The president has called for a bipartisan health care summit. I suppose I am too suspicious, but I suspect this is part of the great pivot –from blaming George W. Bush for all of the Obama Administration failures of 2009 to blaming you for all of the Obama Administration failures of 2010. After all, David Plouffe didn’t come back in to manage Congressional relations.
President Obama could be serious. He has, after all, allocated an entire half day to the effort.
But against the possibility that he is not and that he intends this as a trampoline from which he can execute a great jump and a perfect dismount, pointing at you the entire way and leaving an adoring media to mutter about the “party of no,” I suggest you respond quickly, substantively, and in writing:
We accept your invitation. In the spirit of bipartisanship we also suggest that the agenda consist of six items, of 30 minutes each, with half of the items and presentation chosen by us, and half by you, the Speaker and The Majority Leader.
We suggest that these presentations be staggered, one from one party followed by one from the other party, and have no objection to going first or second.
Our three points will be:
1. There can be no comprehensive health care cost control and thus no real health care reform without tort reform. In addition to a national cap on pain and suffering damages similar to California’s, we will offer some other keys to controlling the cost of defensive medicine in this country. We urge you to ask your colleagues to refrain from immediately rushing to the defense of the plaintiffs’ bar. The only way to stop the rising cost of medicine is to stop the need for doctors to practice with a lawyer on both shoulders.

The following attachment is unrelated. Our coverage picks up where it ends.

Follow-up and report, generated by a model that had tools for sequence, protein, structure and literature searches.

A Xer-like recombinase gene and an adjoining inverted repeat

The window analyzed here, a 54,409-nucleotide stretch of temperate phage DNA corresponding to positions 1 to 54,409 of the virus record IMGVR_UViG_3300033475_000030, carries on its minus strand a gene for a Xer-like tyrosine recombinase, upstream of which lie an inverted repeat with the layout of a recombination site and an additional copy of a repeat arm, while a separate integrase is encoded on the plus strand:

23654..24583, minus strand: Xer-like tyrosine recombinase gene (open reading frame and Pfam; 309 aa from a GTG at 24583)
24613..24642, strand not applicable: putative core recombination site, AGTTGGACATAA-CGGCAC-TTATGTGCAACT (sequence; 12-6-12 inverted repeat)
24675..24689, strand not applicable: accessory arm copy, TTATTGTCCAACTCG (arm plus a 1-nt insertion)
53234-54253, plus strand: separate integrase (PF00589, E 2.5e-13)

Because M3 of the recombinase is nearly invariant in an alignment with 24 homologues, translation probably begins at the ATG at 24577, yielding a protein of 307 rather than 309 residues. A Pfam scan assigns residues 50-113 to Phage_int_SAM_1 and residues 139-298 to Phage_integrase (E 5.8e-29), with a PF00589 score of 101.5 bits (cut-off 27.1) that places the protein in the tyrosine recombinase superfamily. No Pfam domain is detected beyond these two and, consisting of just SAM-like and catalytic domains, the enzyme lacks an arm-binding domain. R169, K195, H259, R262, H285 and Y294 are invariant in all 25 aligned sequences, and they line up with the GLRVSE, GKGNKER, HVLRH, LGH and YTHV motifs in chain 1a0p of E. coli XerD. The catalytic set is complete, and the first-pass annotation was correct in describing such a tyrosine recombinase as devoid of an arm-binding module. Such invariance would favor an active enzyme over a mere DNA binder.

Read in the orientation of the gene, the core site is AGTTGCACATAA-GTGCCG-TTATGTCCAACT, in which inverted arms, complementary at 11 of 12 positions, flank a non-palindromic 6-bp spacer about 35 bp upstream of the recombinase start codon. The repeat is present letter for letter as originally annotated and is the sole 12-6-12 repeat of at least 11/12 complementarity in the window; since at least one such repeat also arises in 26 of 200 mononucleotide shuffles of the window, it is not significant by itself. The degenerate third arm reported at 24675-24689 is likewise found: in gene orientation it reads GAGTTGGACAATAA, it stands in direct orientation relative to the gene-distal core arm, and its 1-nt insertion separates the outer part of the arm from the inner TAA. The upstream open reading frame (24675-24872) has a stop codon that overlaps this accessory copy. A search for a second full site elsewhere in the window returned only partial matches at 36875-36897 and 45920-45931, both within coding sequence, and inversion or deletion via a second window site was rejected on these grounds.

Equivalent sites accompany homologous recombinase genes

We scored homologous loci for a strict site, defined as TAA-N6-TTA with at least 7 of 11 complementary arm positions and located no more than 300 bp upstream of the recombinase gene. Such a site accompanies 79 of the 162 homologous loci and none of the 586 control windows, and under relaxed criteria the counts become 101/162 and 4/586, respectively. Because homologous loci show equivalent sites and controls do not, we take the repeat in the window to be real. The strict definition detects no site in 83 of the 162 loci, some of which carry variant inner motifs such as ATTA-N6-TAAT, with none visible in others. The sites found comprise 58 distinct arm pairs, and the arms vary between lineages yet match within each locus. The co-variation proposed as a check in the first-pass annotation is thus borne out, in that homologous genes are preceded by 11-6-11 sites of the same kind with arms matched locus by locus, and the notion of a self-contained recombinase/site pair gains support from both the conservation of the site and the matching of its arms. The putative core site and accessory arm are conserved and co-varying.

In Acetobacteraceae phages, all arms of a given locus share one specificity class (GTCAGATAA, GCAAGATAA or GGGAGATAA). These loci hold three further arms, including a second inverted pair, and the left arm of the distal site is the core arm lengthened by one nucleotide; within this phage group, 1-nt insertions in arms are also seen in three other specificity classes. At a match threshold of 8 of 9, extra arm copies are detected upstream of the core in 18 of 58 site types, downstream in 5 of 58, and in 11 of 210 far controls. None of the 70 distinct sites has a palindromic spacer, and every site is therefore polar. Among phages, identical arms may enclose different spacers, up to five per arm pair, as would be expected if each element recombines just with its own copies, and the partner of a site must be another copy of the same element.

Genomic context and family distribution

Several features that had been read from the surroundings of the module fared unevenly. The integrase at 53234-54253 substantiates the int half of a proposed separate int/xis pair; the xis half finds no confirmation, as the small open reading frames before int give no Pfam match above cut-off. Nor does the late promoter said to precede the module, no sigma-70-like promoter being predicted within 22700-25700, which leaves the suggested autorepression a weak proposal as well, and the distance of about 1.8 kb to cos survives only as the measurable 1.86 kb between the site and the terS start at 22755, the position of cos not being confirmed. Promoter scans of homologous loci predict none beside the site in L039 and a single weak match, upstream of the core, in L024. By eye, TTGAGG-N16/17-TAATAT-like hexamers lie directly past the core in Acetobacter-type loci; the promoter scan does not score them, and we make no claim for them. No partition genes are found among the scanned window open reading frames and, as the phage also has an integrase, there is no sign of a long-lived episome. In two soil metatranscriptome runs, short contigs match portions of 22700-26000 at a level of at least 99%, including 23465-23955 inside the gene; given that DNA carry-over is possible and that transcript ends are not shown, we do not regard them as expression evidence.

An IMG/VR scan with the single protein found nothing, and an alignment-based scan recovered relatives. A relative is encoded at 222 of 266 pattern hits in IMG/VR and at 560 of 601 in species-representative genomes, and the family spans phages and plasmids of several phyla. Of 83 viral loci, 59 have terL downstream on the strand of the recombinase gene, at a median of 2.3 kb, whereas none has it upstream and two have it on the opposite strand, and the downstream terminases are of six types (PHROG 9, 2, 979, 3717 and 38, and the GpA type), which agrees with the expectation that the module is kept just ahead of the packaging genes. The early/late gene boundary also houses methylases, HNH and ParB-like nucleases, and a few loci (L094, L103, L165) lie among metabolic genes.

2. There is an enormous need for an interstate market in health care policies. We should move immediately to eliminate this artificial and extremely expensive obstacle to the lowering of the cost of health insurance.
3. There can be no long term confidence in our health care system without confidence in a growing, vibrant and robust economy, one freed from crippling entitlement debt and massive borrowing. Therefore we will use our last presentation to acquaint you and your colleagues with the details of Congressman Paul Ryan’s “Roadmap,” which we believe could be enacted in parallel with comprehensive health care reform thus setting our domestic policy house in order.
We look forward to the meeting Mr. President, and urge a similar one be scheduled on national security matters so we could persuade you to abandon the the decision to try KSM in civilian court in America and to offer Miranda rights to terrorists past and future.
John Boehner and Mitch McConnell
UPDATE: John Boehner and Eric Cantor release their own letter. Not as good as mine, I think, because it is too long and doesn’t mention tort reform –sigh– but a good step nonetheless:
February 8, 2010
The Honorable Rahm Emanuel
Chief of Staff
The White House
1600 Pennsylvania Avenue NW
Washington, DC 20500
Dear Mr. Emanuel: